I tried examining the ICC in colorsync on a mac, but I don’t see this curve. I only see the curve from linearisation. I’ve attached the ICC and you can see for yourself, if you wish to check. I suspect you may have meant in Colorbyte, but I don’t have access to this software.
K3V-R3880-CPFR-QTR2880-N-OEM-lin.zip (2.7 KB)
Regarding your offer “Upload your original measurement data you used to build the ICC and I’ll build you a “different” icc”, here is a zip with a few sets of measurement data, if that offer still holds. Thanks.
Brian Measurement Data V2.zip (10.5 KB)
I don’t think char 3 is entirely accurate to what the icc is trying to do. (it looks like it has not dried down or has not been printed with a linearized environment or something along those lines)
If you open the ICC in ColorSync on a mac you can see the actual curve that it’s adding to the print by going to the B2A0 section and clicking Out Curves.
QTR-Create-ICC never lightens the HLs if it is being created from a linearized target.
p.s. I’ve managed to get a plot of the ICC from Colorthink, and it doesn’t suggest highlight brightening, yet that is how that ICC is behaving when I use it. Convert to profile in PS with Adobe (ACE) engine and perceptual intent and BPC - what’s wrong with that?
I think the conversion in PS may be making this profile shift. Very interesting!
Printing out of Print-Tool applies the profile as it’s rendered in it’s B2A0 table (see screenshot).
This is why I loathe and detest CM, even though it’s a necessary evil. It’s such a poorly defined, inconsistently applied, inexact science. I engage with the theory of it only when I have to.
Yes, I saw that graph in Colorsync, but didn’t know what to make of it. It doesn’t seem to correspond to anything that I recognise. Yes, there’s no highlight brightening, but what’s that wiggle in the bottom? Where did that come from? There’s no sign of any shadow-crushing in that curve. I have been given a plot from Colorthink Profile inspector (I added the straight line in red) which is at the bottom of this post, and it’s different again.
What is really puzzling me is the difference between any of these characterisations of this Platine curve with a shadow-crushing curve created for a matte paper like CRP? How is it that QTR-Create-ICC is behaving so differently? Or is that just the PS CM engine having a mind of its own again? I guess I’ll have to try the alternative Print Tool behaviour to satisfy my curiosity.
There are a couple of aspects of this that puzzle me and about which I’ll write to you separately.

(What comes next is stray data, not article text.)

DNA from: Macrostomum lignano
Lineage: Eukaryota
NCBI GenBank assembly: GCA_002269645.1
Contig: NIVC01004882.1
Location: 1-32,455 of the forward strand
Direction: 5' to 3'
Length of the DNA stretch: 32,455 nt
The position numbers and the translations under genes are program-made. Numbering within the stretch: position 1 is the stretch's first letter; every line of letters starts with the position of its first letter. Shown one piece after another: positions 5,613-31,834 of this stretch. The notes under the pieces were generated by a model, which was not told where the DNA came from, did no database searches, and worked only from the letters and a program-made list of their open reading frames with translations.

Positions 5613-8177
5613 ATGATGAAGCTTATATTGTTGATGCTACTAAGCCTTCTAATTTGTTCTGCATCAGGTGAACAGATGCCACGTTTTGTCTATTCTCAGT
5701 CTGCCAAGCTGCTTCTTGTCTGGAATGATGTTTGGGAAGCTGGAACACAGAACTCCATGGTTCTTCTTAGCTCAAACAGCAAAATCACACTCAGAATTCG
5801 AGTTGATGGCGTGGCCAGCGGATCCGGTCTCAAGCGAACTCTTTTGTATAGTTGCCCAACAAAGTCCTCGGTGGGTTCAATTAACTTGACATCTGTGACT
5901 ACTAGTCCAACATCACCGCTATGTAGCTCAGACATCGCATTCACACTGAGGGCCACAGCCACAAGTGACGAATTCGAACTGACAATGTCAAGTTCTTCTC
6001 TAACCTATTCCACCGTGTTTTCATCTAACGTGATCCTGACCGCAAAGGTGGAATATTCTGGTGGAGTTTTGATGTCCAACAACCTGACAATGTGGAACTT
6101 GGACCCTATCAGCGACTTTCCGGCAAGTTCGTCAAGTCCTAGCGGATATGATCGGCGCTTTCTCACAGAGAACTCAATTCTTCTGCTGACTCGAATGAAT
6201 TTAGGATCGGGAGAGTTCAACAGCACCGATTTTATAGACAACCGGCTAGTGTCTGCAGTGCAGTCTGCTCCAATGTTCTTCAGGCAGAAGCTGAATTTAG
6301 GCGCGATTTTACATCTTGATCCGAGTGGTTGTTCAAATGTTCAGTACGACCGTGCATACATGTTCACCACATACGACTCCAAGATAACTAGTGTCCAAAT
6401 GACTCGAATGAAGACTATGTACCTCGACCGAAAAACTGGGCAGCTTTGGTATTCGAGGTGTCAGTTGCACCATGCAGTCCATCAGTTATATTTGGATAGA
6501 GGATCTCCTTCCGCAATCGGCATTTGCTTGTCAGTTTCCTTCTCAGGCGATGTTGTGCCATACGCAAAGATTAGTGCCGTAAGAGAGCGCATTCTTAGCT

The PS conversion is more desirable . . . which is something that the other RGB profile process I use forces all apps to do (PS, LR, and PT).
I’m pursuing this slowly as time permits. I haven’t used your custom ICC yet. Soon.
I wanted to compare Print Tool’s use of the QTR ICC compared to Photoshop’s. So I migrated everything across to a Mac and printed the 21x4. First without the ICC to reconfirm linearity of the curve, and then with the ICC and Perceptual intent. Here is the linearity plot:
The results still appear to be at variance with your statement: “QTR-Create-ICC never lightens the HLs if it is being created from a linearized target”, at least for Platine. You may doubt my workflow, but I was very careful at each step of the way. For the record, this had over 36 hours drying in late summer temperatures.
I have to say that I much prefer the smoother Photoshop interpretation of the ICC, in chart 3 above, compared to the Print Tool interpretation.
3d RGB icc from your linear measurement. – Most likely a more intense HL and Shadow curve but I haven’t validated anything . . .
This stuff is all part of the beta testers group (open for PPE and PiezoDN customers to apply for) so much of that discussion happens elsewhere . . .
(Built for printing RelCol with BPC).
I suspect that I’m just talking to myself at this point. I’ve taken some measurements that compare the QTR ICC’s linearity with your special profile, and I’ve also compared printing each via Photoshop and Print Tool. I could paste yet more charts, but anyone who is still listening may just think I’ve become totally retentive about all this.
What I have found on Platine and my printer is:
(i) There isn’t a great deal of difference between your special ICC and the QTR ICC. Yours brightens the highlights a bit more and darkens the shadows bit more, but the difference is relatively minor one of degree.
(ii) I prefer how Photoshop handles the conversion to the ICC to how Print Tool does it, in that it results in much smoother linearity plot, and the effect in the shadows is less dramatic, i.e. less shadow crushing. Of course you probably developed your ICC in PT, and so you may well have intended the more dramatic effect.
And still find QTR ICCs broadly consistent with the linearity of Match3 colour ICCs.
The irony in all this is that I only put so much effort into analysing linearity on Platine because you caused me to doubt the accuracy of my measurements. In practice Platine hasn’t been a problem. I haven’t had screen-to-print matching problems, and I haven’t found the QTR ICCs to crush shadows all that much, at least when Photoshop handles the CM. Certainly less that your special ICC.
My problem with shadow crushing ICCs has been on matte. Clearly you’re not keen to hand out too many of these special ICCs to non-Pro customers, but I’m not about to sign up to the Pro Toolset just to try out a few ICCs. If you’re prepared to supply one more ICC, I’d be interested to repeat these measurements on matte.
p.s. The differences between how Print Tool and Photoshop handle the ICCs makes me a little wary about simply examining the internals of an ICC to understand precisely what it will do.
All interesting posts.
I will respond when I have time to test again myself.
Please note, this is my job. I try not to post on the weekends (Fri,Sat,Sun) to save sanity so me not posting replies right away does not mean you are talking only to yourself.
I understand. I wasn’t expecting posts over Easter. I was only referring to whether this had gone as far as it could. I have four charts I can post to illustrate the points I was making if they’re of interest.
Ok, if you’re going to go to any effort to recheck anything, I thought that I should post my charts while I can still find them. I just didn’t want to make this thread any denser than it already is.
Charts 6 & 7 compare how Photoshop and Print Tool interpret each of the ICCs. So they’re a comparison of CM engines, and illustrate my point (ii) - that I prefer the smoother PS interpretation.
Charts 8 and 9 switch this around and compare the two ICCs, first in Photoshop and then in Print Tool, and illustrate my point (i). They’re not radically different. Yours has more of an S-curve and darkens the shadows a little more, except in the very deep shadows when PS handles the CM:
Piezography and AltProcess (PiezoDN) Universal ICC Profiles